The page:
The black and white markings of the giant panda serve them as both camouflage and communication, scientists learned. Ted Stankowich/CSU Long Beach

In a crowd of animals, a giant panda would stand out — its black and white patches aren’t exactly inconspicuous. But while the panda will likely never make a very good spy, at least now we understand why its appearance is so eye-catching. Scientists have figured out why pandas evolved to be black and white.

Experts have generally believed the answer was camouflage. The Smithsonian’s National Zoo & Conservation Biology Institute in Washington, D.C., says although it has no natural predators, the giant panda “is nearly invisible” when hiding in dense bamboo “and virtually disappears among snow covered rocky outcrops on a mountain slope.”

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A study in Behavioral Ecology suggests the solution is a combination of camouflage and communication. After analyzing the panda’s habitat and coloring, the researchers say its white fur conceals the creature “against a snowy background” and the black patches on its body perform a similar function in shade. But on the head, a black patch serves another function: The dark ears might signal “ferocity” to scare off other animals and the eye marks may help in identifying individual pandas.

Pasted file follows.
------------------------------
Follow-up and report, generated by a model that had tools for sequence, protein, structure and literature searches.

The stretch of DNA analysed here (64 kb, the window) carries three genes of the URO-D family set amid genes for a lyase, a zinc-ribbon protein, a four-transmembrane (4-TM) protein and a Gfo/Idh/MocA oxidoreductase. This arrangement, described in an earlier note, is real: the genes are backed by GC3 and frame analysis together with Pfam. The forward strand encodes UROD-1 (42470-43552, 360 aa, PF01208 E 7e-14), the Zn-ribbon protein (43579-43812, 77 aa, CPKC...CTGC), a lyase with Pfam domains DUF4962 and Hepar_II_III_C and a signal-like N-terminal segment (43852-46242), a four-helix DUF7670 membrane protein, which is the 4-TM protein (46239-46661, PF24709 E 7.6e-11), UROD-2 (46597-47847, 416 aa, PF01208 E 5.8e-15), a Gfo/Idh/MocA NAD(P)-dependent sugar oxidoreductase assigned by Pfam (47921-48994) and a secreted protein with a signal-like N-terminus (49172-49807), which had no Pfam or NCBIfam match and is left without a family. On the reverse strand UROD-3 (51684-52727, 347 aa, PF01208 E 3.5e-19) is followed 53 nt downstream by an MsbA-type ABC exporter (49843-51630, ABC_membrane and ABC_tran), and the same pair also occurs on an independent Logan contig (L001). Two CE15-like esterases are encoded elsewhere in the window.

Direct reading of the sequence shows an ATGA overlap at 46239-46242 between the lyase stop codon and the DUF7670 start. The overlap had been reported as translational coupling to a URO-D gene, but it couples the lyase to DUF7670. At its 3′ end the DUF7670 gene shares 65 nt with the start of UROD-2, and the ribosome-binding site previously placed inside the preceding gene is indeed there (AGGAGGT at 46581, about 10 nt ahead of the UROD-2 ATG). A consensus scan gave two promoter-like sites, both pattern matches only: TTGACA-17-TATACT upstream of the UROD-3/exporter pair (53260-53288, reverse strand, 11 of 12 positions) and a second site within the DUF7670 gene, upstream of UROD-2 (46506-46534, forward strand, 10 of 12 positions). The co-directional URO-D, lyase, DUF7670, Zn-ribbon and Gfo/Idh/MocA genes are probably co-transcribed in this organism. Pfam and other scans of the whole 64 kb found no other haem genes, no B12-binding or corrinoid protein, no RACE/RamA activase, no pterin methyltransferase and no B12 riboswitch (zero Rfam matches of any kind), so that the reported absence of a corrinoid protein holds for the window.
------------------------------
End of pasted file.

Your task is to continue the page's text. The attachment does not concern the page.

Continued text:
Scientists analyzed the separate sections of the giant panda's body to determine the functions of its black and white markings. Ricky Patel

Needing to blend in with both snow and shade might have something to do with their bamboo diet. The University of California, Davis, said in a statement about the research — done in collaboration with California State University, Long Beach — that pandas can’t “digest a broader variety of plants” and thus “can never store enough fat to go dormant during the winter, as do some bears.” Because it is awake throughout the year and roaming, it has to blend with different landscapes.

Other theories on the reason for the black and white have included temperature regulation — with the way black absorbs sunlight and white reflects it. But the study says “there is no compelling support” for that idea.

The findings, however, do not contradict the hypothesis that, in the words of the National Zoo, the pattern helps the pandas “identify one another from a distance so they can avoid socializing, as they are typically a solitary animal.”

The idea that their coloring is used for communication is interesting, given their other types of communication — or, rather, lack thereof. Although they do vocalize while mating, the National Zoo notes that pandas “have round, inexpressive faces” and “do not exhibit body characteristics that communicate visual signals.” Those black ears themselves, even if color is being used to warn potential attackers, “are not flexible enough to cock forward or flatten.”

“Most of their communication is accomplished through scent marking throughout their habitat and territory,” with the help of anal gland secretions, according to the zoo.

Pandas mainly live in western China, eating between 26 and 84 pounds of bamboo every day, the World Wildlife Fund says. The animal can grow to be taller than 4 feet and weigh up to 330 pounds.

See also:

Zoo Searches for Missing Panda

How to Name a Panda Cub